INTRODUCTION

It is not the first time when the world is experiencing the wrath of a pandemic but indeed it is the first time when the world is fighting the pandemic together. Global information cooperation is leading to new summits and that is possible because of the use of technological advancements. The judiciary across the globe are bound by the statutes and procedural limitations, on the other hand arbitration, mediation knows no such boundaries. Therefore, it is moderately easier than courts to apply technology for ADR. Over the period of time disputes are no longer simple and with the sector specific growth, the complicated disputes seek for expert aid for resolution. The dispute has changed its face as contracts and agreements are no longer executed in the traditional way. Inclusion of various new click based contracts made it possible to connect business activities globally and not restrict it to any particular court’s jurisdiction. The jurisdictional issue of a court becomes more complicated when digital contracts are entered into by parties across borders. This practical difficulty can be removed by implementing compulsory or implied ADR clauses for all electronic and digital agreements.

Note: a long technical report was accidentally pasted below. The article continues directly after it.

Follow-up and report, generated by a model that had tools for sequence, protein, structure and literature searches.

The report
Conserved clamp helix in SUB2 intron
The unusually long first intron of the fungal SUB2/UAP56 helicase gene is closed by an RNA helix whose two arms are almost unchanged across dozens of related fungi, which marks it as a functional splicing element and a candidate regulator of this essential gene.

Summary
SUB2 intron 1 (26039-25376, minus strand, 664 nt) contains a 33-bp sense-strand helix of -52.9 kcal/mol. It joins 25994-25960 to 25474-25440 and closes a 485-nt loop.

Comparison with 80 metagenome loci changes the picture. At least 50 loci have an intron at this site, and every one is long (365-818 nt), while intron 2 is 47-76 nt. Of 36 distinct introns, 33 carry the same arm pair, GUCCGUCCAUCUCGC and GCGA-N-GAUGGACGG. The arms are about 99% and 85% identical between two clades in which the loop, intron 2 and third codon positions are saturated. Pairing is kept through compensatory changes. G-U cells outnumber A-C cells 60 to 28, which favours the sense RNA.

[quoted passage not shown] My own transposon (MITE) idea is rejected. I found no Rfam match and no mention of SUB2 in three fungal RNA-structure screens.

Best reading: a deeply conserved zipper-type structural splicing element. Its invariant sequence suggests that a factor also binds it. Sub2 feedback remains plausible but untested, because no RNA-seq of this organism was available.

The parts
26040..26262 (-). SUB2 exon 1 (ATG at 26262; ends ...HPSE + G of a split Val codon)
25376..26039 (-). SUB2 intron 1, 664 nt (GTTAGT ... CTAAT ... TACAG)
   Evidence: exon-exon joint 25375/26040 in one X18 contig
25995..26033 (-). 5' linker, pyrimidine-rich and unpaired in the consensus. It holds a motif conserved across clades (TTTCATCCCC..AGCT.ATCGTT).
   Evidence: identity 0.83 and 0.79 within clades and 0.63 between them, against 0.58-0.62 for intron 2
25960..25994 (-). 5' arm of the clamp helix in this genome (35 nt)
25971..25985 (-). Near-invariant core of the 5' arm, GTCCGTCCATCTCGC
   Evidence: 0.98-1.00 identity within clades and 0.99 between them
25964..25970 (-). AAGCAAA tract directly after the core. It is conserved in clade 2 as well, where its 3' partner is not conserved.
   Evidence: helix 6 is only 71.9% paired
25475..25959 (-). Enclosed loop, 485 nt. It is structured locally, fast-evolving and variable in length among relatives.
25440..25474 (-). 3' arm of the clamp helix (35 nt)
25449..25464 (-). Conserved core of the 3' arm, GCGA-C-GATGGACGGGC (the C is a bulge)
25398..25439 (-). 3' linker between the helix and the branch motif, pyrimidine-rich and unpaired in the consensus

IMPORTANCE OF DIGITAL DISPUTE RESOLUTION IN CROSS BORDER ARBITRATION

Digital dispute resolution (DDR) is “Arbitration and other ADR blended with the technology for achieving the goal of quick, Economical and informed justice”.